Grey-headed swamphen

The grey-headed swamphen (Porphyrio poliocephalus) is a species of swamphen occurring from the Middle East and the Indian subcontinent to southern China and northern Thailand. It used to be considered a subspecies of the purple swamphen, but was elevated to full species status in 2015; today the purple swamphen is considered a superspecies and each of its six subspecies groups are designated full species.[1]

Grey-headed swamphen
Grey-headed swamphen (Porphyrio poliocephalus) male.jpg
Grey-headed swamphen (Porphyrio poliocephalus) female.jpg
Both, Vembanad Lake, Kerala
Scientific classification edit
Kingdom: Animalia
Phylum: Chordata
Class: Aves
Order: Gruiformes
Family: Rallidae
Genus: Porphyrio
P. poliocephalus
Binomial name
Porphyrio poliocephalus
(Latham, 1801)

Porphyrio porphyrio poliocephalus

Porphyrio poliocephalus - MHNT

The male has an elaborate courtship display, holding water weeds in his bill and bowing to the female with loud chuckles.[2]

The grey-headed swamphen was introduced to North America in the late 1990s due to avicultural escapes in the Pembroke Pines, Florida area. State wildlife biologists attempted to eradicate the birds, but they have multiplied and can now be found in many areas of southern Florida. Ornithological authorities consider it likely that the swamphen will become an established part of Florida's avifauna.[3] It was added to the American Birding Association checklist in February 2013.[4]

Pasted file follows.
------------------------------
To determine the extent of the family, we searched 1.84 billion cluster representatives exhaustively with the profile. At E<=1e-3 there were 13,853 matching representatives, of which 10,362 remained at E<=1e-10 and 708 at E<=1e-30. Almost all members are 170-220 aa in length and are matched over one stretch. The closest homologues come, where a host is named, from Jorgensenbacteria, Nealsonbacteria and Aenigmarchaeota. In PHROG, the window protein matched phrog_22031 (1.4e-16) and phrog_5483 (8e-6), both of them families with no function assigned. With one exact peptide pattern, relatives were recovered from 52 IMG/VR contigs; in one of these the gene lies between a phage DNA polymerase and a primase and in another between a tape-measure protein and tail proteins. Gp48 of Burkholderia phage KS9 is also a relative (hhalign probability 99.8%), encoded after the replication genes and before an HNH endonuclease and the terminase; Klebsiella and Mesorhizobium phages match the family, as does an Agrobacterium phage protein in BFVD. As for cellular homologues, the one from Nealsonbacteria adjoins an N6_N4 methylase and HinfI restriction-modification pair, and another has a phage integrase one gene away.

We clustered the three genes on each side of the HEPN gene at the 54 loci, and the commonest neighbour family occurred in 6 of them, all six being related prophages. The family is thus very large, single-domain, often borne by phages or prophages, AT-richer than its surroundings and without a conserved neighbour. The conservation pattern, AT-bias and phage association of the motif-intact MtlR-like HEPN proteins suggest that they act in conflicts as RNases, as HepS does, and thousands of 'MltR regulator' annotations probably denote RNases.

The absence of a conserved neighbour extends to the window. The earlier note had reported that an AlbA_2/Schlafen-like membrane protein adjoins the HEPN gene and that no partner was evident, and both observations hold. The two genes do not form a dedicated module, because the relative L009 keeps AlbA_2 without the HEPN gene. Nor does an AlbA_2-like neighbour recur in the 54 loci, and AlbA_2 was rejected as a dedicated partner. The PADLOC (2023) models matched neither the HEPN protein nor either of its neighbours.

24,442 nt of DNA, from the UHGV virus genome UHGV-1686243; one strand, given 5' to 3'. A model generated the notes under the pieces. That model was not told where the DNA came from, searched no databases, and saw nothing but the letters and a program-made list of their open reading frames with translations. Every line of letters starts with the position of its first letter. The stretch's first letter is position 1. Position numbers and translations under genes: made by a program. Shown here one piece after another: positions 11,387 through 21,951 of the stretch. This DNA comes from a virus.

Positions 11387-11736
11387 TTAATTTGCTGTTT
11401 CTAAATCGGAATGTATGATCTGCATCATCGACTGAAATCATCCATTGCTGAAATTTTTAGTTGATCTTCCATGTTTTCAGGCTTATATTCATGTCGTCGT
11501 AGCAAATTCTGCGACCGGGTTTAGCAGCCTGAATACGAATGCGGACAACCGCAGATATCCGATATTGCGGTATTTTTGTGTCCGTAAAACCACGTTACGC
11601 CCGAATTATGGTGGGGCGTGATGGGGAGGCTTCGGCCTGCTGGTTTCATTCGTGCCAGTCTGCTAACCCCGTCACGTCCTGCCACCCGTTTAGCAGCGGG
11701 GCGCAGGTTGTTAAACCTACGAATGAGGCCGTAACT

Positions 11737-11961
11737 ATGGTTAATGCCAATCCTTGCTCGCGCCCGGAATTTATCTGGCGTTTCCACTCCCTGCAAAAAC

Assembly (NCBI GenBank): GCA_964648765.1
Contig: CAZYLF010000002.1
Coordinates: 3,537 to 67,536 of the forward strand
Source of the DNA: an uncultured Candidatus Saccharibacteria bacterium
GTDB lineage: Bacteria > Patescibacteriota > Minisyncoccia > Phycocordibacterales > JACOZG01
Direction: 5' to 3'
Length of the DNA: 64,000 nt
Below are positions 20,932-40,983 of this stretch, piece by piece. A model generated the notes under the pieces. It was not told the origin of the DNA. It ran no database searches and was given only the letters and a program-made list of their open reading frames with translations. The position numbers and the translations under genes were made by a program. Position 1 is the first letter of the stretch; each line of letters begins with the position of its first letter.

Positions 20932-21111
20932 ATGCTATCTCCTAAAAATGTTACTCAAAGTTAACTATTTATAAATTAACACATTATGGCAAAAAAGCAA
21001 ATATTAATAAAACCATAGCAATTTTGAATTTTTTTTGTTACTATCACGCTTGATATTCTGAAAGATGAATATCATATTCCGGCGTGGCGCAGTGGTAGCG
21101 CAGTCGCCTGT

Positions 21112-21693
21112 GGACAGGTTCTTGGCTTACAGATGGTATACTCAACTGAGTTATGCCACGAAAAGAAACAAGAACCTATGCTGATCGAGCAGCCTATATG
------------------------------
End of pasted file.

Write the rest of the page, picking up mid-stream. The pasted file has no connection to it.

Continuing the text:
Taxonomy and systematicsEdit

The grey-headed swamphen is one of 15 species in the genus Porphyrio. It was classified as a subspecies of P. porphyrio until 2015, when the purple swamphen species complex was split into 6 species.



  1. ^ "2015 taxonomy update for Indian birds | eBird India". Retrieved 2015-12-16.
  2. ^ Ali, Salim; JC Daniel (1983). The book of Indian Birds, Twelfth Centenary edition. New Delhi: Bombay Natural History Society/Oxford University Press.
  3. ^ Pranty, Bill, Kim Schnitzius, Kevin Schnitzius, and Helen W. Lovell. 2000. Discovery, distribution, and origin of the purple swamphen (Porphyrio porphyrio) in Florida.' Florida Field Naturalist 28: 1–11.
  4. ^ Floyd, Ted (13 Feb 2013). "#977, Purple Swamphen!". American Birding Association. Retrieved 13 Feb 2013.

External linksEdit